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Gold Dust Day Gecko

 

Electronic circuits typically constructed on very thin silicon surfaces. Now, suppose that we want to transfer such a circuit unto a non-flat surface such as cloth or leather. Circuits are fragile and any surface contact during movement can be destructive. Researchers at Northwestern University and the University of Illinois turned to the gecko lizard for the solution. Geckos are masters at sticking and then freeing their feet as they walk across a ceiling. The gecko foot has countless micro-size filaments which adhere to most surfaces by flexible, reversible molecular adhesion.

The researchers copied gecko foot details, making a small stamp with tiny flexible, pyramid-shaped tips on its four corners. When the stamp is pressed down on a prepared electronic circuit, the tips collapse and the circuit adheres to the stamp. When lifted, the tips return to their original shape and the circuit is now held by just its four corners. The stamp and circuit are then transferred to the desired surface. The stamp is pressed down to make firm contact with the surface and then withdrawn, leaving the circuit in place. Delicate variations in applied pressure allow the stamp's adhesion to vary by 1,000 times, depending on the nature of the final surface.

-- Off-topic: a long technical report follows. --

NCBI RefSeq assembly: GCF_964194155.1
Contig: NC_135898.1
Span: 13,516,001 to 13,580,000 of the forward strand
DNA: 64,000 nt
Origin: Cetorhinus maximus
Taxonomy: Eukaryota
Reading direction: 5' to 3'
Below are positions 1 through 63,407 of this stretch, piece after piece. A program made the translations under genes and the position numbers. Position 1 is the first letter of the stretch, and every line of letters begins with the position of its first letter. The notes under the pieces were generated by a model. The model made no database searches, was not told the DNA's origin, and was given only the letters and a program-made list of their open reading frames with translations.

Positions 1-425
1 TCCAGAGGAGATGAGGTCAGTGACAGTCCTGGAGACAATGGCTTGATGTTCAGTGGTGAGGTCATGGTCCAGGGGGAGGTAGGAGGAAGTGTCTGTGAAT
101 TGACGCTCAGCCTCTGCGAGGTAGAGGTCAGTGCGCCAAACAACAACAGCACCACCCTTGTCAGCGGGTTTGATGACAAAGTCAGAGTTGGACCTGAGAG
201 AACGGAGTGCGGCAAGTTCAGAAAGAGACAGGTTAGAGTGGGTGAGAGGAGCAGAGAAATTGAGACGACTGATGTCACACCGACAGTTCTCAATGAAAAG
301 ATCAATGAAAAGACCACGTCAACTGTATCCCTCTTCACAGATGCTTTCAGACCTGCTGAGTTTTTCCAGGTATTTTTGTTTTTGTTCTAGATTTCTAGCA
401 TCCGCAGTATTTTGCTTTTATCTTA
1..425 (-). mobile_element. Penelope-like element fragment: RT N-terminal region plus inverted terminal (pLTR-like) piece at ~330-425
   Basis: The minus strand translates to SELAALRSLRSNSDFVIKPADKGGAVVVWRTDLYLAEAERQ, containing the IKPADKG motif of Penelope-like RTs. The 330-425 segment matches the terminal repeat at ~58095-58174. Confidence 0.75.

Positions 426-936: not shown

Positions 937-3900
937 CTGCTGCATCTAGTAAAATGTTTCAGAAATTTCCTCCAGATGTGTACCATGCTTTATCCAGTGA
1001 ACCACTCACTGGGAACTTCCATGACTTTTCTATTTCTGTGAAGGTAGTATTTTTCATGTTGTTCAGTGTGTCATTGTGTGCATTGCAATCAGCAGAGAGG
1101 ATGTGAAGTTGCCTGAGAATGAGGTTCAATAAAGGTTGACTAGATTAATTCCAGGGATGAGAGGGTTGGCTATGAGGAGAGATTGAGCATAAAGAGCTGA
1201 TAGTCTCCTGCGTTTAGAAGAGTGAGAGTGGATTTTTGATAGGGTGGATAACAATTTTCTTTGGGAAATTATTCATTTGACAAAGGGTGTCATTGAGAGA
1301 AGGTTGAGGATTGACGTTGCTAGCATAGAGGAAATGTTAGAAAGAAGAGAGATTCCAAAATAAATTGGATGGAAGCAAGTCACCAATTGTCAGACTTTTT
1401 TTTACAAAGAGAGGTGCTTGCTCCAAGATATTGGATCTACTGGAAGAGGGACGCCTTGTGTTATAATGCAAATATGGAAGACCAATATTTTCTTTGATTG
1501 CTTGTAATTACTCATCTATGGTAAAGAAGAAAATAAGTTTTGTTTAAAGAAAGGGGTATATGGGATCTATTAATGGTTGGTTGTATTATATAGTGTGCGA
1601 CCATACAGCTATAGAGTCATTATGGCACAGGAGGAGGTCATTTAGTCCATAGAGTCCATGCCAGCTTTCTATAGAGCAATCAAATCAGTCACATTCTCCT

The gecko with its advanced adhesion ability is contributing to electronics technology. All parts of nature show purpose and planning. The Creator has embedded countless ideas for our discovery and application.

Reference

Kim, Seok, Jian Wu and twelve others. 2010, Microstructured elastomeric surfaces with reversible adhesion and examples of their use in deterministic assembly by transfer printing. Proceedings of the National Academy of Sciences 107(40): 17095-17100.

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Gecko foot on glass

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